Japan doesn’t really believe in “dying.”
At least, not according to conventional timelines.
This past year, some 30,000 Japanese people turned 100 years old. That makes Japan the world leader in centenarians, having approximately 61,000, according to the country’s Ministry of Health, Labor, and Welfare.
But in a country where longevity is so prized that September 15 — Seniors Day — is a national holiday in which a silver sake dish is given out to new members of the 100-plus club, it’s actually becoming a burden on the nation’s economy to live so long.
Seniors, though revered, are eating up resources at a pace younger generations can’t match.
Take the September 15 tradition.
In 1963, Japan had only 153 centenarians. By 1998, it had 10,000. Today the country puts the total at 61,568.
While the record is no doubt impressive from both a cultural and scientific perspective, the prize pool is becoming cost-prohibitive.
In 2014, the awards cost the country approximately $2.1 million. Since the country only seems to be getting older, this year will be the last year Japan gives out the honorary dish, which is valued at roughly $91. Next year’s inductees will instead receive a letter congratulating them on the accomplishment.
The fall of the sake dish tradition may be Japan’s most visible challenge in dealing with its aging population, but it’s hardly the largest one.
Nationwide, an entire generation of Japanese citizens — going on two generations, in fact — are entering retirement age. Of the 127 million people who live there, roughly 25% are over 65. By 2060, that proportion could rise to 40%.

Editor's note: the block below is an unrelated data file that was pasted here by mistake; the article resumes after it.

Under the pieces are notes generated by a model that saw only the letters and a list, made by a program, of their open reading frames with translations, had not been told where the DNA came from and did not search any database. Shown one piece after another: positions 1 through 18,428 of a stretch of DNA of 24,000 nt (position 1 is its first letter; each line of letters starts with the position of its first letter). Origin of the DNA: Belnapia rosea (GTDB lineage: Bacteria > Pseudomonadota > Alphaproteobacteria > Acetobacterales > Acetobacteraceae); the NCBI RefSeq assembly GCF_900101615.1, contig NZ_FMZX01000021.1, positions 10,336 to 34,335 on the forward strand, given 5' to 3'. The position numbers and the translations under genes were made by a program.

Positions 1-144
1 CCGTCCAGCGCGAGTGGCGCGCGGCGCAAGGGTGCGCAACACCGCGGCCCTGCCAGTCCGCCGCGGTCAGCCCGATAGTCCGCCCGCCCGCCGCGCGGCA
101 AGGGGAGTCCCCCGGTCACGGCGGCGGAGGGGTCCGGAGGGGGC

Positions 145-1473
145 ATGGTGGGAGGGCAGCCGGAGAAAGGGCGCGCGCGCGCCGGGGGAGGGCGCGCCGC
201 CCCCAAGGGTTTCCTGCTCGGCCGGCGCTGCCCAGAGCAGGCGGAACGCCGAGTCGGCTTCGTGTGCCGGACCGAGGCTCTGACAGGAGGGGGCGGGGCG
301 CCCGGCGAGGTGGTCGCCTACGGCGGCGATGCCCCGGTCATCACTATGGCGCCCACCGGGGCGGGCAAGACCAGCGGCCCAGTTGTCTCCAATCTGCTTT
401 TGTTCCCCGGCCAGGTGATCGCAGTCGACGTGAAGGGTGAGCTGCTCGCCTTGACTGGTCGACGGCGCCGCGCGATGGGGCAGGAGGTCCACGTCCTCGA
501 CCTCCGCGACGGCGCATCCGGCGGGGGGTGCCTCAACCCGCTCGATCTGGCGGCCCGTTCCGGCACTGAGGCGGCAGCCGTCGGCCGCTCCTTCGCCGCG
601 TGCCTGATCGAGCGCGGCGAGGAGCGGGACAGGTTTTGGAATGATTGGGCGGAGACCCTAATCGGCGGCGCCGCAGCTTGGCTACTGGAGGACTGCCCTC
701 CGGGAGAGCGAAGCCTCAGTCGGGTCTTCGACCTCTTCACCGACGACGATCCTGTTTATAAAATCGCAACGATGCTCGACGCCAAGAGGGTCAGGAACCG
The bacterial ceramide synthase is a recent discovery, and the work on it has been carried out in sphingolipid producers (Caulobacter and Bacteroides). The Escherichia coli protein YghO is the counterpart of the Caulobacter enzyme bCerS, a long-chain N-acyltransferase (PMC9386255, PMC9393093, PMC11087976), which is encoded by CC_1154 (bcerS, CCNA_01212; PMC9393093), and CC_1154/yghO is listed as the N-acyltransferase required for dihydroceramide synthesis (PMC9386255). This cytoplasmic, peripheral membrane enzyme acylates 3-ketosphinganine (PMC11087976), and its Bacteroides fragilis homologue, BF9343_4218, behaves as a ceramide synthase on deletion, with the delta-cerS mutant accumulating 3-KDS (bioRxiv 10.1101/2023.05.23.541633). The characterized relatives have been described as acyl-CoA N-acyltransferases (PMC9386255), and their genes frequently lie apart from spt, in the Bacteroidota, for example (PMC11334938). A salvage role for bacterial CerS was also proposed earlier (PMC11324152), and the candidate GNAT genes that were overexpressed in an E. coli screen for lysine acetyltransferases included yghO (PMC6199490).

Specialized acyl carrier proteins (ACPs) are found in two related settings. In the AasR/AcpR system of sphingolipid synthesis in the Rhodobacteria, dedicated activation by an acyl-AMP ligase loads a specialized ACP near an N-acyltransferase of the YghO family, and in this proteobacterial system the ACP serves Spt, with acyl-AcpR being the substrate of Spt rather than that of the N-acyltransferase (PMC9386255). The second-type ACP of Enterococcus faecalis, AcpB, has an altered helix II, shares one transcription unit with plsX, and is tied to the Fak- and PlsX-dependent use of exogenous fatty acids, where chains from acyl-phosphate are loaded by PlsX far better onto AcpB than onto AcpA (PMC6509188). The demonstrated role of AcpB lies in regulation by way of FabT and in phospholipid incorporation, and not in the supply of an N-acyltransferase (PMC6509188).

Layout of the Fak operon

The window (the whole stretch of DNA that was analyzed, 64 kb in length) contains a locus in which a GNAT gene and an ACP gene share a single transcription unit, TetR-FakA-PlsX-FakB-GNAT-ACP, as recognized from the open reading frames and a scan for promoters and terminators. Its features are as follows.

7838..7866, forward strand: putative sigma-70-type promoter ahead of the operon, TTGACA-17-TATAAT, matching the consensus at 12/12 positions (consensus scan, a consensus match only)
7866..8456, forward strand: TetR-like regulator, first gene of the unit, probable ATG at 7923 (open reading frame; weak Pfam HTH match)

While Baby Boomers make up a significant portion of the U.S. population, people 65 and older still only make up 13.5% of the overall population.
Meanwhile, the generations that are supposed to replace the elderly aren’t reproducing. Countries need a “replacement fertility rate” of 2.1 births per woman to keep the population from shrinking. Japan’s fertility rate is 1.4 — the result of women losing interest in Japanese men and the long hours men typically work that preclude them from dating.
This dangerous mixture has led some to argue that Japan is anticipating a “demographic time bomb.” (Suddenly a sake dish seem less significant.)
Japan’s older citizens are working later into their sixties than they used to. Eventually, they will lose the ability to work, which means the shrinking generations behind them will be left to boost the economy on their own. That doesn’t seem to be happening, as Japan’s economy has been deflating for decades.
So while the silver sake dish may become affordable again years down the line, as a result of smaller populations getting older, the honor tied to the gesture may lose its luster.